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Pro-poor economic growth crucial

The economy remains in a parlous state typified by weakening economic growth which is expected to slow further in the near future. The rebound recorded during the period 2009-2012 has moderated with economic growth declining from 11,9% in 2011 to 4,5% in 2013 and 3,1% in 2014. This state of economic affairs can be attributed to a number of factors which include: high cost of doing business which has cost the country both internal and external competitiveness.

Prosper Chitambara

Government revenue inflows have been underperforming owing to deindustrialisation. The policy environment remains unstable and inconsistent while the quality of our infrastructure and institutions have deteriorated. Furthermore, the economy is hamstrung by an unsustainably high internal and external debt which is estimated at US$8,4 billion as at December 2014.

The anatomy of the economy has undergone far reaching structural changes (de-industrialisation and informalisation) over the past 35 years with the 2014 National Labour Force survey highlighting that 94% of the economy is now informalised up from 84% in 2011. About 75% of the population is living below the national poverty line. The country is in debt distress with large external payment arrears, against a context of limited fiscal space.

The high public debt burden has been further exacerbated by the structural weaknesses inherent in the Zimbabwean economy such as lack of diversified export base and declining terms of trade and competitiveness, which make it difficult for the country to adjust to changing world demand for tradable goods and changing production patterns.


These structural weaknesses have constrained the country’s ability to generate high and sustainable growth that is necessary to mitigate further indebtedness with its attendant problems.

The country is in an unsustainable fiscal position with the bulk of the fiscal revenues (about 90%) financing recurrent expenditure. Consequently, the current fiscal framework contains very little specific measures to deal with the inherited and now entrenched structural distortion in the current macroeconomic framework.

The demise of the formal sector and the absence of supply-side incentives to resuscitate and engender inclusive, pro-poor growth implies that the decent work deficits that characterise the economy and entrenches poverty and its feminisation continue to abound.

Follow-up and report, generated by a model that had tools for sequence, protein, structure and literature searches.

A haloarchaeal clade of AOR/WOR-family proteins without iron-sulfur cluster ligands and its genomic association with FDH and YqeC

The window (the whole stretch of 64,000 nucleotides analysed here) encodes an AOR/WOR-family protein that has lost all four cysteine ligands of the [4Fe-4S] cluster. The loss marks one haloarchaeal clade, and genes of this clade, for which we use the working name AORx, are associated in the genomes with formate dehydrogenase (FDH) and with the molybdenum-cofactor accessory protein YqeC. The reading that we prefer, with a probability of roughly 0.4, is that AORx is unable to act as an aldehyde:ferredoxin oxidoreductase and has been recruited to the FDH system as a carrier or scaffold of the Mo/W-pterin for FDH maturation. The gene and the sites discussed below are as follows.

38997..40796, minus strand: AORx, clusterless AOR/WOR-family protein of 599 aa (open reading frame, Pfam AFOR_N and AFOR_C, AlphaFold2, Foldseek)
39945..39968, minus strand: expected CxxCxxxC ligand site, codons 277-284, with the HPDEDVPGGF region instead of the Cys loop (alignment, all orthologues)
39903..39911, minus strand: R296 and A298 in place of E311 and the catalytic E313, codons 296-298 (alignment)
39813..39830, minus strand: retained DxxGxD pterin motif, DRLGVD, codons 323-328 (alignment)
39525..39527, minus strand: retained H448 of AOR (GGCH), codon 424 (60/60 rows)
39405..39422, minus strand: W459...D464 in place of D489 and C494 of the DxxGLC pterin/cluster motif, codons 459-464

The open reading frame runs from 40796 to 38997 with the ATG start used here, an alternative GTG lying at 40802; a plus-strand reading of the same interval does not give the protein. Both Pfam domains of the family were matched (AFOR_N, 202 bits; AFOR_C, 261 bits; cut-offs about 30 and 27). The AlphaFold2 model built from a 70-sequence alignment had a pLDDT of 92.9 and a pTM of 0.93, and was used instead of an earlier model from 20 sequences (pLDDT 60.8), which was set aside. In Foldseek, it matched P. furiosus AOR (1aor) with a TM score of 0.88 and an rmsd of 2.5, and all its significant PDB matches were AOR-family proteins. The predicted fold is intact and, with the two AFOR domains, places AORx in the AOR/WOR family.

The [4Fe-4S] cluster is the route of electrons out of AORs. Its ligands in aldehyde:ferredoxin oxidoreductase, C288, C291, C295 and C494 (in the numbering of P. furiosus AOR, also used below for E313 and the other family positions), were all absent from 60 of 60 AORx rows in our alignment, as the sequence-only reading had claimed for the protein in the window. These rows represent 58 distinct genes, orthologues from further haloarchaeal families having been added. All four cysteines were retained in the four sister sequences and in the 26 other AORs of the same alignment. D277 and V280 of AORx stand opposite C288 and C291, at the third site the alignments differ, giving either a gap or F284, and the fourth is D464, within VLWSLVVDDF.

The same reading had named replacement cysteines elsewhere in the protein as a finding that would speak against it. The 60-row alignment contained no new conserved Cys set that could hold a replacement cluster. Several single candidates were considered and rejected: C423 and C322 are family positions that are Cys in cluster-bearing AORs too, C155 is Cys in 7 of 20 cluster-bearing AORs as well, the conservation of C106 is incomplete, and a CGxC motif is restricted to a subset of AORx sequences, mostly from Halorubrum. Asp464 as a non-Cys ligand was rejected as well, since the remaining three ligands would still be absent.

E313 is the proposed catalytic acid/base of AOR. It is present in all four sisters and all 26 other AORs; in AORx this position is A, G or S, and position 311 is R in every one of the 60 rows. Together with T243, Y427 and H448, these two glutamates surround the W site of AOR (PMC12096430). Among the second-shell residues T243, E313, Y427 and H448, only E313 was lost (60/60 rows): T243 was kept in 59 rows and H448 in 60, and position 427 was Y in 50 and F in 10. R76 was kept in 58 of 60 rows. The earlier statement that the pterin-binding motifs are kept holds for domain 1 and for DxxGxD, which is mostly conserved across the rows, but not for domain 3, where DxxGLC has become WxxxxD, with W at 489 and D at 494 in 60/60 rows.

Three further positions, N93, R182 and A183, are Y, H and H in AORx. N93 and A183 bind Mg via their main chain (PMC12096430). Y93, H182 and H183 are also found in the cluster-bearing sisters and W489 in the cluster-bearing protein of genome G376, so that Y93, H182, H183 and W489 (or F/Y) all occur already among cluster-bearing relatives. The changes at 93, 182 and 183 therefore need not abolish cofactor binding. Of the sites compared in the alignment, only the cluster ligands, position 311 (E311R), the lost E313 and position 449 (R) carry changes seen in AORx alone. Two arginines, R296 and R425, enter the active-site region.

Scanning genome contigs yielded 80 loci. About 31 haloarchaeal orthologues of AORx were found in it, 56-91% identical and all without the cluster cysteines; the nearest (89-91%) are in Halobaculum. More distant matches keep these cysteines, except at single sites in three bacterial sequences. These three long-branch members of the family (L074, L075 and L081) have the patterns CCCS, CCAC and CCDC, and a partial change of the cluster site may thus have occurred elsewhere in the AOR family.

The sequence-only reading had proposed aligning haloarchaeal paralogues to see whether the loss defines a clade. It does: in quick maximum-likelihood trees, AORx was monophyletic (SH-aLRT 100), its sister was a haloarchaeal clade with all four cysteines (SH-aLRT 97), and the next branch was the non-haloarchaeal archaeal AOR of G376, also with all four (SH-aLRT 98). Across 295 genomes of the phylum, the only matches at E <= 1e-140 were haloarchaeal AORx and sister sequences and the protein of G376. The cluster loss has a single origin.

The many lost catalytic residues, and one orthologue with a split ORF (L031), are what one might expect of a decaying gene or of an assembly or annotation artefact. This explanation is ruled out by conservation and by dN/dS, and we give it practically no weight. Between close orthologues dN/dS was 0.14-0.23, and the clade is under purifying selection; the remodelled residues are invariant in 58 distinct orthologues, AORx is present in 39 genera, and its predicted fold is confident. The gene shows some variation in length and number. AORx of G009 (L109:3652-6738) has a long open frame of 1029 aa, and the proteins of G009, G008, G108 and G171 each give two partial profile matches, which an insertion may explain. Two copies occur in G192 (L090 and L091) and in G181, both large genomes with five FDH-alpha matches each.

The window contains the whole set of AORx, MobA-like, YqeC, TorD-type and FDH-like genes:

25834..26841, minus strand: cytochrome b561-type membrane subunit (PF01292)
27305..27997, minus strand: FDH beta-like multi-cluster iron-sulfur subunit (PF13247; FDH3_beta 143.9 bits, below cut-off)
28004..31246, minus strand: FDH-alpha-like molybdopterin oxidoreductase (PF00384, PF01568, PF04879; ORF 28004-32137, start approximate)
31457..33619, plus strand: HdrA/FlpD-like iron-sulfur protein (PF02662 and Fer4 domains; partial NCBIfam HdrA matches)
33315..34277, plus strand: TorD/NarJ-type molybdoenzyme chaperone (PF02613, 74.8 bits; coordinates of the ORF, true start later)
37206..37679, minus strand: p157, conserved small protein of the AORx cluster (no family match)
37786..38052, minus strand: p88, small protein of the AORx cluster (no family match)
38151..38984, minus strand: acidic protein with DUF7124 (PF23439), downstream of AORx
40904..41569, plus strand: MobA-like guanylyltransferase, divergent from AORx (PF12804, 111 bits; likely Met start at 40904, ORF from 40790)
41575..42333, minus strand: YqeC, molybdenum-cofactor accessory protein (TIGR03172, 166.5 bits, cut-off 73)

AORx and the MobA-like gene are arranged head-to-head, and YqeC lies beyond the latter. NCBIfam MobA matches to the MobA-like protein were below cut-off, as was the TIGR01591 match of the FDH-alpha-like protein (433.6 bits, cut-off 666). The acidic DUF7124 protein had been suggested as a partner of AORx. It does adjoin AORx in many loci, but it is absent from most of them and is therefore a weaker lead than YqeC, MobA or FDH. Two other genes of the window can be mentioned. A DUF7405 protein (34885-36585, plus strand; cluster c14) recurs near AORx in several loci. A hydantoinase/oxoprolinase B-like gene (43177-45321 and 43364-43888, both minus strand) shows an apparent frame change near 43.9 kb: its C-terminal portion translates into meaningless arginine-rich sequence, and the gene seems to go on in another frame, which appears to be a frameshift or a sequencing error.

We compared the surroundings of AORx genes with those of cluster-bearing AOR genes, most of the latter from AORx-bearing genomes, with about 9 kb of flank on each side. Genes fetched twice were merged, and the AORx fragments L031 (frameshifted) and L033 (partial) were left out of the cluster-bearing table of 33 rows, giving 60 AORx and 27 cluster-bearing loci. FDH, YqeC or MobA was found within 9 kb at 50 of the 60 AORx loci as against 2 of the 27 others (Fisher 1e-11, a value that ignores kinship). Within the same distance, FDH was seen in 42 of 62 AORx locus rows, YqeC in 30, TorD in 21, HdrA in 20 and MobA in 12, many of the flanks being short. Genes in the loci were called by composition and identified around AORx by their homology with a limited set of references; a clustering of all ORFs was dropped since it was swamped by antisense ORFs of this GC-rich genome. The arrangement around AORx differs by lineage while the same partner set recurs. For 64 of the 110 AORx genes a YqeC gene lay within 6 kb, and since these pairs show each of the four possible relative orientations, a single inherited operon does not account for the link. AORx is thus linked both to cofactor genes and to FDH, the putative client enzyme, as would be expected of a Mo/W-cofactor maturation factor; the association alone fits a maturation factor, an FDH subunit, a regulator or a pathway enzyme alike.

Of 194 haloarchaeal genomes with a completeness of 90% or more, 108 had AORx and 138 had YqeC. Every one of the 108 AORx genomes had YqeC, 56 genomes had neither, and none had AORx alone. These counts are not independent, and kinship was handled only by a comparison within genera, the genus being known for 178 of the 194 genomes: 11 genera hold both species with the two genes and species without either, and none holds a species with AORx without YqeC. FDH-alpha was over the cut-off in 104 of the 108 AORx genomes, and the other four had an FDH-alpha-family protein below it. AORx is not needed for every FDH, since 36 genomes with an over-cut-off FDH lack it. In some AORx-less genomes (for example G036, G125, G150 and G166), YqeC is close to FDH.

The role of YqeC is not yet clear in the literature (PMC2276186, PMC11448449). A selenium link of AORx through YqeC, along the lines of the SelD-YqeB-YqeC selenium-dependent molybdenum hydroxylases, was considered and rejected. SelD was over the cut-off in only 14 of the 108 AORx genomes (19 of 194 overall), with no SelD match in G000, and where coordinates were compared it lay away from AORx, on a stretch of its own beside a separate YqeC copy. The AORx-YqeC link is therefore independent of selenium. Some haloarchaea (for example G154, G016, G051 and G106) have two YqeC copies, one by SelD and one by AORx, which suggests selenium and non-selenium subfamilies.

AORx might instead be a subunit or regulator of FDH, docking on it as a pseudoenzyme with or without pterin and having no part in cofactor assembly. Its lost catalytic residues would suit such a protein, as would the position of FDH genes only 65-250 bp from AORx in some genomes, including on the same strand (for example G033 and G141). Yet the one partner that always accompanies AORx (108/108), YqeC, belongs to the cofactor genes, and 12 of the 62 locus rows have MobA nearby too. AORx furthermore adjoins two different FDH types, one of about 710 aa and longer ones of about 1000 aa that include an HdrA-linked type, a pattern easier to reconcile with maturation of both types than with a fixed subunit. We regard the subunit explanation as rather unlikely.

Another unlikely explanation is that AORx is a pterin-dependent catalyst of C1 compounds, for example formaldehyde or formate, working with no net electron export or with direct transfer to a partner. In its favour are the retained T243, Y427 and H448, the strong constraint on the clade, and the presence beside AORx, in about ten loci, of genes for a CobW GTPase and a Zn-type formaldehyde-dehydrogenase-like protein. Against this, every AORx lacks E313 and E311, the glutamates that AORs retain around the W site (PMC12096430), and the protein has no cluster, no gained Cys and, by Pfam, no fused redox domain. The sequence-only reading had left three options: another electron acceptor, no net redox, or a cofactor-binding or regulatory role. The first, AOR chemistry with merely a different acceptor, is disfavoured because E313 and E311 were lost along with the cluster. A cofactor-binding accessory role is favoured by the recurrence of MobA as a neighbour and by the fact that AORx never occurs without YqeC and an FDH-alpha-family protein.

The government has come up with no less than 15 macroeconomic blueprints but none have failed to comprehensively address the structural binding constraints afflicting the economy.

These polices have failed to provide a macroeconomic framework which provides a stimulus for a new paradigm that is pro-poor and inclusive, fails to promote the integrability of marginalised groups. Even at our peak the macroeconomic framework Zimbabwe has implemented over the years has not delivered on the social front as indicated by the high and worsening levels of unemployment, poverty and inequality.

In the context of a dual and enclave economic structure, it will be imperative to ensure the “integrability” of the poor in the growth dynamic.

Economic growth must be translated into productive employment growth which is a key nexus between growth and poverty reduction. It has been demonstrated that economic growth does not necessarily ensure poverty reduction and development but does so when it is accompanied by a rapid expansion of productive employment.

A number of nations that have successful poverty reduction credentials such as the East Asian tigers (South Korea, Hong Kong, Taiwan and Singapore) have also followed robust employment-creation strategies. Economic growth is pro-poor (and inclusive) if it utilises the factors of production that the poor possess. The poverty-reduction records of countries such as the High Performing Asian Economies (HPAEs) demonstrate that poverty reduction was greatest when economic growth made use of those assets.